The Office of Public Works has been accused of showing “disdain” for Ireland’s natural heritage over flood relief works on a waterway in Co Limerick.
The Irish Wildlife Trust (IWT) criticised the clearing last year of some 3km of wild habitat from the River Newport, east of Limerick city and within the Lower Shannon SAC.
The conservation group accuses the OPW of conducting the clearance works — in which “entire stretches of the riverbank had been stripped down to bare soil” — in the absence of the Appropriate Assessment legally required under Irish and EU law.
It is suggested these works have jeopardised an important habitat for otters and wet Willow woodland, while also potentially exacerbating the spread of invasive plan species such as Japanese knotweed and giant hogweed.
The IWT says it visited the River Newport in December and found that “works had greatly exceeded what had been set out” in the OPW’s initial screening report, which the group has branded “largely inaccurate”.
IWT campaigns officer Pádraic Fogarty said: “The OPW is not above the law but yet it seems to think that it can operate with impunity. The damage it has done to our rivers is incalculable; this instance at the Newport in Limerick is not untypical of the distain they show for our natural heritage.”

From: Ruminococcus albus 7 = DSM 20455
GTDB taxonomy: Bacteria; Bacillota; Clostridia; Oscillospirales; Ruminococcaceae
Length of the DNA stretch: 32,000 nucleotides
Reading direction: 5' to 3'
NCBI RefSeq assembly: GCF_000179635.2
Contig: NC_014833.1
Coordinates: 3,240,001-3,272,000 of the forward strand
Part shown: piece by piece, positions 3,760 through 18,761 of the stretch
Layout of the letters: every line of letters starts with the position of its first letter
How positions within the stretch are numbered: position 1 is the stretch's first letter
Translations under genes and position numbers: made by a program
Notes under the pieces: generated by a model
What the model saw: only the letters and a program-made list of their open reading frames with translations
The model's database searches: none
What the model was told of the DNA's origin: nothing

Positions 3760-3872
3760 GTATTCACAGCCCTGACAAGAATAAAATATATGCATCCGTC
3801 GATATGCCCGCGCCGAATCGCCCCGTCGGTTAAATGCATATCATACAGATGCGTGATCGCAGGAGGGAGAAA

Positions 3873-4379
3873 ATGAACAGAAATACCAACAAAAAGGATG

Similar complaints have been levied against OPW works in Skibbereen, where a stream feeding the River Ilen has been re-engineered as a concrete culvert.
This used to be a small stream feeding into the river Ilen in Skibbereen, home to masses of invertebrates, small trout and sticklebacks, otters and herons, bankside wildflowers, trees and vegetation. This is it after @opwireland finished with it. Absolutely criminal! pic.twitter.com/AEXqLm0oQW— Ireland's Wildlife (@WildIreland) May 11, 2019